Alcestis, the queen of Thessaly and wife of Admetus, has died. She
My son, do you think you are pursuing some hireling Lydian
or Phrygian with your taunts? Do you know I am a Thessalian, a free
man lawfully begotten by a Thessalian father? You are over-insolent,
and you shall not leave thus, after wounding me with your boyish insults.
I indeed begot you, and bred you up to be lord of this land, but I
am not bound to die for you. It is not a law of our ancestors or of
Hellas that the fathers should die for the children! You were born
to live your own life, whether miserable or fortunate; and what is
due to you from me you have. You rule over many men, and I shall leave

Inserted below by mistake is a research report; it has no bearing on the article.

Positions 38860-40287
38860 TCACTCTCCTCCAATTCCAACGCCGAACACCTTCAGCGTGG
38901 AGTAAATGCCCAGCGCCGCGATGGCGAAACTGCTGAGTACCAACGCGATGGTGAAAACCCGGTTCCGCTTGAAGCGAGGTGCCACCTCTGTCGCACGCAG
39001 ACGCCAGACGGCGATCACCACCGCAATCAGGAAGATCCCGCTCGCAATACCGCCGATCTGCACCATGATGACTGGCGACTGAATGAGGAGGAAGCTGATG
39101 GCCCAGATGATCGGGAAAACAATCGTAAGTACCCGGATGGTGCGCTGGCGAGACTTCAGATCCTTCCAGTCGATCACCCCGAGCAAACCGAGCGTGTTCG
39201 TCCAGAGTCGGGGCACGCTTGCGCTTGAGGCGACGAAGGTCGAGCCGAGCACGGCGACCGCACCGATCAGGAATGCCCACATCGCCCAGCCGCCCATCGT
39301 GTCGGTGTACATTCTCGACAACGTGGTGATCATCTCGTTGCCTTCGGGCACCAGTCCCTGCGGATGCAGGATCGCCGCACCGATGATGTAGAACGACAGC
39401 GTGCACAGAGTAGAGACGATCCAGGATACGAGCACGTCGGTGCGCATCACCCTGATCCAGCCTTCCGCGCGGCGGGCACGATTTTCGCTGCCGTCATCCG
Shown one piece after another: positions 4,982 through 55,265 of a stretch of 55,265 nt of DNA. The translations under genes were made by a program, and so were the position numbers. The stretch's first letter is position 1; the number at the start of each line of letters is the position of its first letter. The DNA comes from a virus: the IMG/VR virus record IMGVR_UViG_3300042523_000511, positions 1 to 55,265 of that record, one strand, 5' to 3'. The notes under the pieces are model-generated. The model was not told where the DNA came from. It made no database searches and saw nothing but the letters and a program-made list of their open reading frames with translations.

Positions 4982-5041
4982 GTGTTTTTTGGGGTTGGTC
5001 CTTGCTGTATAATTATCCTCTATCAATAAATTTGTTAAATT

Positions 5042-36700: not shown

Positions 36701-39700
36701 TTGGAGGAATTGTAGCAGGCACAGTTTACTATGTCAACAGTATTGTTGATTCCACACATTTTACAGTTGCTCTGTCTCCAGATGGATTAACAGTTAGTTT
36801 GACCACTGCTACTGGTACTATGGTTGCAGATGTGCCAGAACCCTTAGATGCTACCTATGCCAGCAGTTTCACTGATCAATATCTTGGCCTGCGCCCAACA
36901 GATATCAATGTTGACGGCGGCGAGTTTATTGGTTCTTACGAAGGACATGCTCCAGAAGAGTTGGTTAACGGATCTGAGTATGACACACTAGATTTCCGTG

you many wide fields even as received them from my own father. How,
then, have I wronged you? Of what have I robbed you? Do not die for
me, any more than I die for you. You love to look upon the light of
day-do you think your father hates it? I tell myself that we are a
long time underground and that life is short, but sweet.
But you-you strove shamelessly not to die, and you are alive, you
shirked your fate by killing her! And you call me a coward, you, the
worst of cowards, surpassed by a woman who died for you, pretty boy?
And now you insult those who should be dear to you, when they refuse
to die for a coward like you!
Be silent! Learn that if you love your life, so do others. If you
utter insults, you shall hear many, and true ones too!
Euripides, Alcestis. Trans. Richard Aldington. http://classics.mit.edu/Euripides/alcestis.html
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